T90-year-old actor William Shatner, known for his leading role as Captain James Tiberius Kirk from Star Trek: The Original Series, is headed to space, for real this time around. Shatner will be launched on Wednesday by the world’s richest man, Jeff Bezos’ airline Blue Origin.
The whole premise of Star Trek was utopian: it pushed the boundaries of diversity, progressiveness, and inclusion on television and the science fiction genre. Shatner’s association with Bezos seems like a contradiction. However, colonialism and capitalism are so embedded in US culture that not even sacred projects like space travel or Star Trek can remain intact.
Blue Origin, created by Bezos in September 2000, aims to make spaceflight more accessible to individuals who can afford it. I started small and in the shadows, first by secretly buying land in Texas. It has gradually grown to employ 3,500 employees. The Washington Post, which is also owned by Bezos, has published a major exposé, revealing the toxic behavior driving the company’s ability to compete with its rival, Elon Musk’s SpaceX. One employee described Blue Origin saying, “It’s very dysfunctional. It’s regressive. It’s frustrating, and what happens is we can’t make progress and we end up with huge delays.”
The space company is financed by wealth obtained through the crushing of small businesses and the exploitation of workers. These workers have made disturbing allegations against Amazon, including being watched by terrorized guards dressed in neo-Nazi style at a fulfillment center, and having to pee into bottles because they are afraid to take bathroom breaks. So Blue Origin grew out of the worst of capitalism and marked the horrific start of civilian space travel, a process that Bezos and most Americans unfortunately think of in terms of “colonialism.”
Blue Origin should be the antithesis of everything Star Trek is, and it is in many ways. The Star Trek universe is the universe in which humanity has overcome its differences and created a single global state of united Earth government, and eventually an alliance of species under the United Planetary Federation – often called the Federation. Humanity has eradicated poverty, currency and capitalism as we know it. This allowed the United Earth government to use its resources more effectively for projects such as space travel and the achievement of dignity for all of Earth’s inhabitants.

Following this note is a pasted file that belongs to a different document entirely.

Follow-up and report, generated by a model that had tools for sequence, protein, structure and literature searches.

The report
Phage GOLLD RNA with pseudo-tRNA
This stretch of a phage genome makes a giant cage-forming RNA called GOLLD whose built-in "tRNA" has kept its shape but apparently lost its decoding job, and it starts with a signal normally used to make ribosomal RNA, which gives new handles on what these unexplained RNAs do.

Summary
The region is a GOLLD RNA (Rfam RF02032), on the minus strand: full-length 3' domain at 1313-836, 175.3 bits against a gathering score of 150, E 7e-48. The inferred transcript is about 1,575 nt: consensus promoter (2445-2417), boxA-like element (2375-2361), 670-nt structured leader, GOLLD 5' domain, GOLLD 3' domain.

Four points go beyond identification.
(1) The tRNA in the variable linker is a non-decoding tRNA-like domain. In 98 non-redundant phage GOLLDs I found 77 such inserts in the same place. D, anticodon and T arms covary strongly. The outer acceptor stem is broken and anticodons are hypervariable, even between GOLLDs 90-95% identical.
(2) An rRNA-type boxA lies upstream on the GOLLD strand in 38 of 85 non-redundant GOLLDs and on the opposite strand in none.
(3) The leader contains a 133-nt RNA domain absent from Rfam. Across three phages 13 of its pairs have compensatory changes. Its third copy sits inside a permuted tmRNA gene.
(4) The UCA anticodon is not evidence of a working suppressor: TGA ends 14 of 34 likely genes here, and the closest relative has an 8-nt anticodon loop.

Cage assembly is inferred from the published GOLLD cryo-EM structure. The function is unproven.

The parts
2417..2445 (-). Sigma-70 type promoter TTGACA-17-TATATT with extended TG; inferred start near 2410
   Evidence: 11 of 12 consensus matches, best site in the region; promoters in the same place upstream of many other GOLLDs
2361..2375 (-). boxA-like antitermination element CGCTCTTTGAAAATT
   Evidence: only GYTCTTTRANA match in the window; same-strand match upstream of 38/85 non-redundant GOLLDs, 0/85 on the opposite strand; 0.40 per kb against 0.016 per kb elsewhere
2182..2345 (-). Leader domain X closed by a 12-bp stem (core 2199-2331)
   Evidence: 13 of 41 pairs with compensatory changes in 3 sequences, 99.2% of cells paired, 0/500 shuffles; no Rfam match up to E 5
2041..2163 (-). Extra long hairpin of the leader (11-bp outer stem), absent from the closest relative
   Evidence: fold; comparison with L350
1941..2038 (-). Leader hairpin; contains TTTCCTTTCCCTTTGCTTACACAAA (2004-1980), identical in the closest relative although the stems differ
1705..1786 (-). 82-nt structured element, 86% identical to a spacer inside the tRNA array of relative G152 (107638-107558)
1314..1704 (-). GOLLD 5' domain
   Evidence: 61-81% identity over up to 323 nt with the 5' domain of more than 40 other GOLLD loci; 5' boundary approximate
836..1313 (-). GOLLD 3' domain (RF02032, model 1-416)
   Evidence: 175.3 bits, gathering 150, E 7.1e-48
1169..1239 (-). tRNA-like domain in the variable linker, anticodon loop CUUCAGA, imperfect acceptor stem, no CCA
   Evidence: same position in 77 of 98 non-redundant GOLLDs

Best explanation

Most of the Star Trek series follows the perspective of members of Starfleet, a federal agency that sends research and peacekeeping expeditions to explore the new “frontier.” This exploration is mitigated by their “Basic Guidance” which is a guiding principle that prevents Starfleet members from interfering with the progress of foreign, less developed civilizations. The main directive, and a large part of Star Trek’s policies, is believed to have been a reaction to intervention in the United States in the 1960s, but as Jimmy Sawers O’Doiber wrote in a Tempest article “[i]It is precisely because of the initial directive that Star Trek pretends not to be a colonial power, but rather than avoiding colonization, it is reimagining colonialism to be something that benefits the colonized.”
This colonial premise was clearly embedded in the origin of Star Trek. The show was originally presented as a “wagon train in space”. Wagon Train was a former television show that followed the exploits of a group of white settlers traveling in the midst of the colonization of the western frontier of the United States. Much of this tradition continues in Star Trek. Starfleet is overwhelmingly human, and their values and sensibilities are overwhelmingly Western — like the show’s obsession with Shakespeare.
The master directive seems to fit right in with the West’s history of colonial abdication. It assumes that supporting “inferior” people will inevitably lead to war and collapse. The Federation considers itself inherently superior to other alliances and civilizations and in a position to determine which planets are worthy of technology that can eradicate hunger and poverty. The show offers many positive examples of basic directive violation throughout the series, but the original show relies on the white male bravado of Captain Kirk to outwit less important peoples, often using his physical strength and sexual prowess to navigate complex situations.
Despite all this, Star Trek still deserves plenty of praise for feats like one of the first interracial kisses on TV. And many later iterations, notably Star Trek: Deep Space Nine, complicated and challenged the policies set in the original show. But a lot of the recent releases are steeped in modern capitalism and the desire to sell Star Trek to as many people as possible. The Star Trek films have been largely stripped of their political character, replacing the morals and questions of the last era with action scenes and women who barely speak.
William Shatner is making a mistake by joining forces with Bezos. Blue Origin represents a lot of the ills that the people on Star Trek have already overcome. And while the original show has its problems, its premise is much better than the one Shatner endorses in this endeavor. Star Trek was an attempt to paint a better picture of humanity, and there is no place for a company like Blue Origin in a future that even remotely aspires to be like the one inhabited by Captain Kirk.